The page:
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Maybe we are just excited about everything?

The smell of dirt, the sun coming up catching the dew on the surrounding plant life. Birds waking up and starting their songs for the day, sometimes flying down to check out what the tractor had overturned. Just spending time outside planting things.  There are far much worse ways to spend a weekend, and not many better ways. As always we urge everyone to plant things. It is so rewarding.

Starting our small greenhouse

Having years one and two gardens past us , we started to dream bigger. We wanted a place to start seeds earlier and a little bit more substantial than our hot box we used our second year.

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Small but effective.

We also wanted a potting shed, and a place to start some young trees, and nut bushes that could use a safe environment for the first couple years. With all of these things in mind, we decided to build a small greenhouse. There is a future plan on building a larger greenhouse/sunroom on the future house. We needed something a bit sooner though.

We spent some time figuring out where would get good light but not block anything in the future. It made good sense to put the greenhouse by the gardens, too. With our site in mind, we got going!.

First thing we did was set the posts. It is not the first thing we should have done. The ground seemed level to the eye. However we quickly realized it was no where close. It took some time and lots of shovel work to get it level for the walls and floor. It would have been much easier without the posts already in the way.

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Chief inspector Bandit the dog was there every step of the way making sure everything passed inspection. We will be posting more about this awesome pup in a future post.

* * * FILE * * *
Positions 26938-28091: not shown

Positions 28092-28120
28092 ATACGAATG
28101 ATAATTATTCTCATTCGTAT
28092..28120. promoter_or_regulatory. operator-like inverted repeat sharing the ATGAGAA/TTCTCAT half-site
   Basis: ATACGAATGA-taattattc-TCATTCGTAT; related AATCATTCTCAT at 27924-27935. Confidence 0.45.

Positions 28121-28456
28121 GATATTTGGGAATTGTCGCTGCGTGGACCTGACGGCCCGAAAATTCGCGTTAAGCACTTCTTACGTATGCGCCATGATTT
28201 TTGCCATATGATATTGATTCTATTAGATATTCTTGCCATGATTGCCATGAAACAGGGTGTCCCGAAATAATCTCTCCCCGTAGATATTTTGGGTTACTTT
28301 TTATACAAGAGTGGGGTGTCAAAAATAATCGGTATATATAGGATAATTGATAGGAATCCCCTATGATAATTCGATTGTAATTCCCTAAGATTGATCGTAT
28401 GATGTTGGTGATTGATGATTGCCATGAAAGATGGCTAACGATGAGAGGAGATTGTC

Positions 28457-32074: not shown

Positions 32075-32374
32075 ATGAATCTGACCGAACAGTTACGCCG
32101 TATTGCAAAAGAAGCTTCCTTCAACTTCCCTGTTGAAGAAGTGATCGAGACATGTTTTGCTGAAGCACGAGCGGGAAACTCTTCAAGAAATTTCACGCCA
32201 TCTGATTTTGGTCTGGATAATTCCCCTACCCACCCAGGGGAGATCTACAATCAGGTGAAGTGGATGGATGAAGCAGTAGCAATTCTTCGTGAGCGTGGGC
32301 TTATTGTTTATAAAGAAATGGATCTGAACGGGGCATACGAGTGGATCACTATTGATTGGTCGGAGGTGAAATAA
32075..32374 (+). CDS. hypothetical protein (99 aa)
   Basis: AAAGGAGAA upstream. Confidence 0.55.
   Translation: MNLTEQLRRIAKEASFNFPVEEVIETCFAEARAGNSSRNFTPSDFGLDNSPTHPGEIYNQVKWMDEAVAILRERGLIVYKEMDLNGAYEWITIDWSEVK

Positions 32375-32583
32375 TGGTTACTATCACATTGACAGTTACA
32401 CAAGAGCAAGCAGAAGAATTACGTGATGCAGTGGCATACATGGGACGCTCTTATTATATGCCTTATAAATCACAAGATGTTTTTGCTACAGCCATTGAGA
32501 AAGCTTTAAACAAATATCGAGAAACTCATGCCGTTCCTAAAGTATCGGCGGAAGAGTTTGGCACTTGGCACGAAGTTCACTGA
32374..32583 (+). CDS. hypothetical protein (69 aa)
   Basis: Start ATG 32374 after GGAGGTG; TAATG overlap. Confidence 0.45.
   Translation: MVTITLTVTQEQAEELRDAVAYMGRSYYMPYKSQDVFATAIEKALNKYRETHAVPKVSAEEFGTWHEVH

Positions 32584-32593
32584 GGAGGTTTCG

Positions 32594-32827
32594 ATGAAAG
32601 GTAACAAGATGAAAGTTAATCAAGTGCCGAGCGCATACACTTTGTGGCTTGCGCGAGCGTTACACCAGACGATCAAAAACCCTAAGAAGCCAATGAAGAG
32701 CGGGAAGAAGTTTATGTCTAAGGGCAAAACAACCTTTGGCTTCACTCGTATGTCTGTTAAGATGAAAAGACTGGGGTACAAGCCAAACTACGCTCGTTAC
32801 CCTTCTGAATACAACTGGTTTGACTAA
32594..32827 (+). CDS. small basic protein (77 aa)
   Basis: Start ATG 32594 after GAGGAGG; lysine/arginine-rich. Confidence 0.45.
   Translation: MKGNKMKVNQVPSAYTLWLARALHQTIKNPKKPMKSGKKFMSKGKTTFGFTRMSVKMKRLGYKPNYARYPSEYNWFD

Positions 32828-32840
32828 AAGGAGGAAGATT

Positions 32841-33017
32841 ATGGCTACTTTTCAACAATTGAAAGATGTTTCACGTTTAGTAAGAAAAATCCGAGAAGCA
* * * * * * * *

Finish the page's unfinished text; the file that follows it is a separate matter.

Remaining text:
Once the posts and brick were laid, the frame went up pretty quick.

 

The only thing on this part we should have done differently was to slope the roof more. It drops six inches but would have been better to do it ten or twelve. We have not had any issues yet, and we don’t usually have any snow accumulation here so will have to wait and see. We have had one of the rainiest starts of the year on record, and it has not leaked a drop yet. Fingers crossed, it continues to hold.

For the lower section we used metal just like we did on the barn.  The reasons being it helps prevent rot from rain splash back, also it matches the barn kinda.

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Below you can see between each rafter we have venting. So 4 holes on each side to help the green house cool down when needed.   On a sunny day even if its only in the 60s  the greenhouse can hit 120 pretty quickly.

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Vents out from the top.  Vents laying on the ground. 

After the outside was up, all the rain that came showed us we needed to work on the drainage around our little building.

We dug a simple ditch around the side that was causing the issue. From a previous post we mentioned there was a little decorative pond on the place when we bought it. Around that were loads of pea gravel and large rocks for a wall. We filled the ditch with buckets of the gravel, then laid the stone on top. Fixed the issue so far, and looks great to us!

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Inspector Bandit on the job.
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Front
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Left side

We are so happy with our first little greenhouse. It is already being put to good use. So many seeds started and even ten small trees. The pictures below do not even show all of them.